This historic book may have numerous typos and missing text. Purchasers can download a free scanned copy of the original book (without typos) from the publisher. Not indexed. Not illustrated. 1917 Excerpt: ...The creditors, upon the receipt of this statement, may then decide whether or not to extend further accommodation or permit the business to ...Read MoreThis historic book may have numerous typos and missing text. Purchasers can download a free scanned copy of the original book (without typos) from the publisher. Not indexed. Not illustrated. 1917 Excerpt: ...The creditors, upon the receipt of this statement, may then decide whether or not to extend further accommodation or permit the business to be disposed of. 4. Status of creditors.--There are four general classes of creditors; first, those holding preferred claims which, by virtue of provisions of the statutes, have a general lien on all the assets. They must be paid before any other creditors are paid: these claims are ordinarily for taxes and labor liens. In a recently decided case the Court of Appeals of the State of New York held that the unpaid salary of a bookkeeper was a preferred claim which the individual stockholders of a company are responsible for and if only one stockholder is able to pay he shall liquidate the debt. The second class of creditors is known as fully secured creditors, so-called, because the individuals have security for the full amount of their claims. They will realize on the security at the best price obtainable and will return any excess over their claims to the receiver for distribution to the unsecured creditors. The third class is known as partially secured creditors and includes all who have security for part of the amount of their claims and whose duty it is to realize on the security which they hold and satisfy their claims as far as they may be able, from the assets pledged to them. Such persons rank with the unsecured creditors for any portion of their claims not satisfied. The fourth class and in the majority of cases the largest both in number and amount, is that class known as unsecured creditors. Persons in this class rank for payment equally in whatever assets the receiver may have left after the first three classes have been satisfied. 5. Definition of the term "Statement of A fairs."--The term "Sta...Read Less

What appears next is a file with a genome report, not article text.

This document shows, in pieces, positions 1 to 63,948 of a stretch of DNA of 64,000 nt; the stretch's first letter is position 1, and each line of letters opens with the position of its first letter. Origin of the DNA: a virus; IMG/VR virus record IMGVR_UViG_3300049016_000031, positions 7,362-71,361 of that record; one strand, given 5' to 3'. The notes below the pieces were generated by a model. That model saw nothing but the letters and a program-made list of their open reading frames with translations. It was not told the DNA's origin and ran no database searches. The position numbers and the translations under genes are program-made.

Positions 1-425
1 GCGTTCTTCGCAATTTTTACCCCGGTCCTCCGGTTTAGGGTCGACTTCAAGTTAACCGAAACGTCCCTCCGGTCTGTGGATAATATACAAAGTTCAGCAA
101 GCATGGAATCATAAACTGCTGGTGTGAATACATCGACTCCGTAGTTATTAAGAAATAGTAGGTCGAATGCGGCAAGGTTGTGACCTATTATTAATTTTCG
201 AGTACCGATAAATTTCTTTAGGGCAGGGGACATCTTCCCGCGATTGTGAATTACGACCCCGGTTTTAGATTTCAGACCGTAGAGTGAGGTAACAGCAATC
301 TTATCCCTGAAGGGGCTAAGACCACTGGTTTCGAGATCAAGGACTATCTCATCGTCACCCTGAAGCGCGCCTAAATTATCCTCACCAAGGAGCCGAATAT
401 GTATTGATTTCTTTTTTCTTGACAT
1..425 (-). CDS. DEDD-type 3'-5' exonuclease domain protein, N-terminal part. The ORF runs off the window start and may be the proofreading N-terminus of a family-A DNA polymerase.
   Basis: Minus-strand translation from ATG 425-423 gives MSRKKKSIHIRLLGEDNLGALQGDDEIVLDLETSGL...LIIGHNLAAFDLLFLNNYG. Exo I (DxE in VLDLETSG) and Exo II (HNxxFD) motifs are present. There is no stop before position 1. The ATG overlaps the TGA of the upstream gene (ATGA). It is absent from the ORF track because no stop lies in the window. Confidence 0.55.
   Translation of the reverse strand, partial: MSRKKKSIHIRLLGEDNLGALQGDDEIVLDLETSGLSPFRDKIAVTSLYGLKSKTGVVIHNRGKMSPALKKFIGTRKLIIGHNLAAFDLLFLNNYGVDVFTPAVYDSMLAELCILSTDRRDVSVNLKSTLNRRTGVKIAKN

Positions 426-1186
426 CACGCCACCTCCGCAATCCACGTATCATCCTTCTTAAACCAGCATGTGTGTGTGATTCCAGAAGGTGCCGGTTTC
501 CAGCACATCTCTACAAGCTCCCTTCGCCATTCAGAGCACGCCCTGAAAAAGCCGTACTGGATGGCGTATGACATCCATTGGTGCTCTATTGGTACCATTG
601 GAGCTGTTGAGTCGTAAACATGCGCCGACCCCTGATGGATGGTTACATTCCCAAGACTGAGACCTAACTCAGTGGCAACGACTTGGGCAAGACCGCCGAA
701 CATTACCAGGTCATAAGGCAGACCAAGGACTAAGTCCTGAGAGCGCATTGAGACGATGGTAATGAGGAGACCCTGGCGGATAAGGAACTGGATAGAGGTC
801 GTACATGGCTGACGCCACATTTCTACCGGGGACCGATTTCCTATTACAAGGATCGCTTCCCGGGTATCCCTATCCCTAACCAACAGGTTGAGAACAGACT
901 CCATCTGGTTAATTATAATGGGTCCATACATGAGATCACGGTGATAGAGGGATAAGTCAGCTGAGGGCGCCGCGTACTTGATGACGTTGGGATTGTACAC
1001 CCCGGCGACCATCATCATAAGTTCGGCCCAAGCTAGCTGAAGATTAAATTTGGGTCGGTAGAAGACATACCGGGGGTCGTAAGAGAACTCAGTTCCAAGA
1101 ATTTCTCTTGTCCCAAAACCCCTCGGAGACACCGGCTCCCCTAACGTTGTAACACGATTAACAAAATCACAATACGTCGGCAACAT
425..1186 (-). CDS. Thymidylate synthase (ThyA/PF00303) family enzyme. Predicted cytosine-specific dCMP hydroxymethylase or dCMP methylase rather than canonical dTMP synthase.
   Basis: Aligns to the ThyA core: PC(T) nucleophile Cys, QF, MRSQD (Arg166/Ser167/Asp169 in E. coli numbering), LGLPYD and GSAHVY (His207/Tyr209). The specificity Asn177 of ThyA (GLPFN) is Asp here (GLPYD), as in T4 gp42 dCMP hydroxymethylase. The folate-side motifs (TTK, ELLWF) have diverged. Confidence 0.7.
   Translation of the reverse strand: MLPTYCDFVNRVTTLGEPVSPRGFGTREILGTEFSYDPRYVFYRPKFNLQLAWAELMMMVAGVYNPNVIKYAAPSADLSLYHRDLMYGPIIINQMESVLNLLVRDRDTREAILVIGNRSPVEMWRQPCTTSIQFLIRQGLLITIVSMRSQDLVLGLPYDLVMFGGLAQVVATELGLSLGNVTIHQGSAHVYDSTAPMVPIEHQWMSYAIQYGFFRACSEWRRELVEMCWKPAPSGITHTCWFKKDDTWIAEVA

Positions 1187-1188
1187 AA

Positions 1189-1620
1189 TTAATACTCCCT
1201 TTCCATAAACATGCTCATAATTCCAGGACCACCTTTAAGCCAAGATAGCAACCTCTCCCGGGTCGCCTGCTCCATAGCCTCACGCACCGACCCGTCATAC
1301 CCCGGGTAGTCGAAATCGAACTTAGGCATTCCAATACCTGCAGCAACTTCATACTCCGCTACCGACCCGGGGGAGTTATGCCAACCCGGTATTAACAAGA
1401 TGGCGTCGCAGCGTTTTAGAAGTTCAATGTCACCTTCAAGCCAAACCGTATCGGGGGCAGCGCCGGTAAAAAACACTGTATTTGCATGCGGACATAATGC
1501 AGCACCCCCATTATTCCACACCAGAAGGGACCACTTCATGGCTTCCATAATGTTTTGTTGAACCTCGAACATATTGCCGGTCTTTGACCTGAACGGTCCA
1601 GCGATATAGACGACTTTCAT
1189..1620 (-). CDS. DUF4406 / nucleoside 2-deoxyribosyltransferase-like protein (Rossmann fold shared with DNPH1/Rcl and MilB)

New. pp. 376. Pages 376 It is the reproduction of the original edition published long back(). Hardcover with sewing binding with glossy laminated multi-Colour Dust Cover, Printed on high quality Paper, professionally processed without changing its contents. We found this book important for the readers who want to know about our old treasure so we brought it back to the shelves. Print on Demand.
New. 378pp. vol.21 This is reprint edition of the Original rare book published in the pastIt is Hard Bound, wrapped with Coloured Dust cover. There is no change in the text we have processed only the ground of the scanned images of the book so that it is more readable. These are old treasures which are not available in original so we are trying to put them back for the readers. The original book is very old due to which the text are Brocken but readable. We give extra discount on multiple copies orders. Print on Demand.
Hardcover reprint of the original circa 1918 edition, Volume 21-beautifully bound in brown cloth covers featuring titles stamped in gold, 8vo-6x9". No adjustments have been made to the original text, giving readers the full antiquarian experience. For quality purposes, all text and images are printed as black and white. This item is printed on demand. Book Information: Accounting Practice And Auditing, Volume 21. Madden, John Thomas. Indiana: Repressed Publishing LLC, 2012. Original Publishing: Accounting Practice And Auditing, Volume 21. Madden, John Thomas. New York, Alexander Hamilton Institute, circa 1918. Subject: Accounting.
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